Limitations of cross- and multigenerational plasticity for marine invertebrates faced with global climate change

Document Type


Date of Original Version



Although cross generation (CGP) and multigenerational (MGP) plasticity have been identified as mechanisms of acclimation to global change, the weight of evidence indicates that parental conditioning over generations is not a panacea to rescue stress sensitivity in offspring. For many species, there were no benefits of parental conditioning. Even when improved performance was observed, this waned over time within a generation or across generations and fitness declined. CGP and MGP studies identified resilient species with stress tolerant genotypes in wild populations and selected family lines. Several bivalves possess favourable stress tolerance and phenotypically plastic traits potentially associated with genetic adaptation to life in habitats where they routinely experience temperature and/or acidification stress. These traits will be important to help ‘climate proof’ shellfish ventures. Species that are naturally stress tolerant and those that naturally experience a broad range of environmental conditions are good candidates to provide insights into the physiological and molecular mechanisms involved in CGP and MGP. It is challenging to conduct ecologically relevant global change experiments over the long times commensurate with the pace of changing climate. As a result, many studies present stressors in a shock-type exposure at rates much faster than projected scenarios. With more gradual stressor introduction over longer experimental durations and in context with conditions species are currently acclimatized and/or adapted to, the outcomes for sensitive species might differ. We highlight the importance to understand primordial germ cell development and the timing of gametogenesis with respect to stressor exposure. Although multigenerational exposure to global change stressors currently appears limited as a universal tool to rescue species in the face of changing climate, natural proxies of future conditions (upwelling zones, CO2 vents, naturally warm habitats) show that phenotypic adjustment and/or beneficial genetic selection is possible for some species, indicating complex plasticity–adaptation interactions.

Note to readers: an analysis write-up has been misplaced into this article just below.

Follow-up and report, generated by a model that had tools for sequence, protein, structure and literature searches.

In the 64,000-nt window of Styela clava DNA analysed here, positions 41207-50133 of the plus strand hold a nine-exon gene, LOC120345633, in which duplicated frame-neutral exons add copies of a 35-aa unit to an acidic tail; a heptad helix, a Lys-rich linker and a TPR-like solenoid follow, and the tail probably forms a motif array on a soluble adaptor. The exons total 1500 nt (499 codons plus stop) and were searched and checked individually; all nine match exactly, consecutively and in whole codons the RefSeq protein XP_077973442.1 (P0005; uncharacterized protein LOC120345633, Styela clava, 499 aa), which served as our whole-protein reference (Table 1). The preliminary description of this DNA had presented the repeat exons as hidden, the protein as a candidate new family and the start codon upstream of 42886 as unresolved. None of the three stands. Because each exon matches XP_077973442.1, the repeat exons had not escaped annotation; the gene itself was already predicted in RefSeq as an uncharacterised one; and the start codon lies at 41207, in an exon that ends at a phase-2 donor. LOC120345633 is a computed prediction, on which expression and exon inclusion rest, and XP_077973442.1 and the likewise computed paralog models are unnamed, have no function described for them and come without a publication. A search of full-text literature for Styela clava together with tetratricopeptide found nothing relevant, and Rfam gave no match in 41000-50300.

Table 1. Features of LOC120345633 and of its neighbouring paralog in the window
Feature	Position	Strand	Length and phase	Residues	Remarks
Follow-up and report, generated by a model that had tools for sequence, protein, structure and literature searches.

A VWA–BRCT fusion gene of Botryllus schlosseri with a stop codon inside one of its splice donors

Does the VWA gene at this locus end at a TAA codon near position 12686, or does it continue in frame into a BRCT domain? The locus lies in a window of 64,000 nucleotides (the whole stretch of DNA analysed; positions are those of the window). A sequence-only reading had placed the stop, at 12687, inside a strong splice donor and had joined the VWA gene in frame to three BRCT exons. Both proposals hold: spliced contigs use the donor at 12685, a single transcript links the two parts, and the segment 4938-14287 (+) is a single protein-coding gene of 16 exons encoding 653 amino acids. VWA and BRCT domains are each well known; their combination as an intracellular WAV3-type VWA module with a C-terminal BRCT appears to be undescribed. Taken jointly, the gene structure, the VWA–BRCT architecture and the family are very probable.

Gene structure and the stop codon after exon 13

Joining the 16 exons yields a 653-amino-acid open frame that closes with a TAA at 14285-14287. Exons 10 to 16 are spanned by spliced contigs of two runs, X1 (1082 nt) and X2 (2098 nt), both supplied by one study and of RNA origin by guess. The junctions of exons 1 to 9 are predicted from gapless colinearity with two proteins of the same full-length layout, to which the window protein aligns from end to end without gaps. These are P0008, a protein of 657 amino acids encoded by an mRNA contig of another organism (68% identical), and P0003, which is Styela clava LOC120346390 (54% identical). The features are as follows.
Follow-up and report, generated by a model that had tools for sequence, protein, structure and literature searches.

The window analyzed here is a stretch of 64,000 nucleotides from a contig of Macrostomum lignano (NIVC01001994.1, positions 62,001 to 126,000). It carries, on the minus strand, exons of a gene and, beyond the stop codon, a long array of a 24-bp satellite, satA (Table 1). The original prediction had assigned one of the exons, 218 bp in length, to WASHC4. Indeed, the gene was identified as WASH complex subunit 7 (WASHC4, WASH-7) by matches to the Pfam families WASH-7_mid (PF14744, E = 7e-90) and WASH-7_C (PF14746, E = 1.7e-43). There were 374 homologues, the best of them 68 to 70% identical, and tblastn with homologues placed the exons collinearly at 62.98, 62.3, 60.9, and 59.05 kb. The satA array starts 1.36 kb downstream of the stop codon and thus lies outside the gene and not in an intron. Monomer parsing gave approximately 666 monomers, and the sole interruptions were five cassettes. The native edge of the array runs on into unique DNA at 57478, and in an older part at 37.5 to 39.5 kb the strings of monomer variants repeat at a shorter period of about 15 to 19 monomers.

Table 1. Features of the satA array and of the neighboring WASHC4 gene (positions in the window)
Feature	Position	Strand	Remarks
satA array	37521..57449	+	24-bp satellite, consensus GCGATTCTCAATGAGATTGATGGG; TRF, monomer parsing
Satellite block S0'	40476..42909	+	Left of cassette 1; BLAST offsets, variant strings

Publication Title, e.g., Journal

Global Change Biology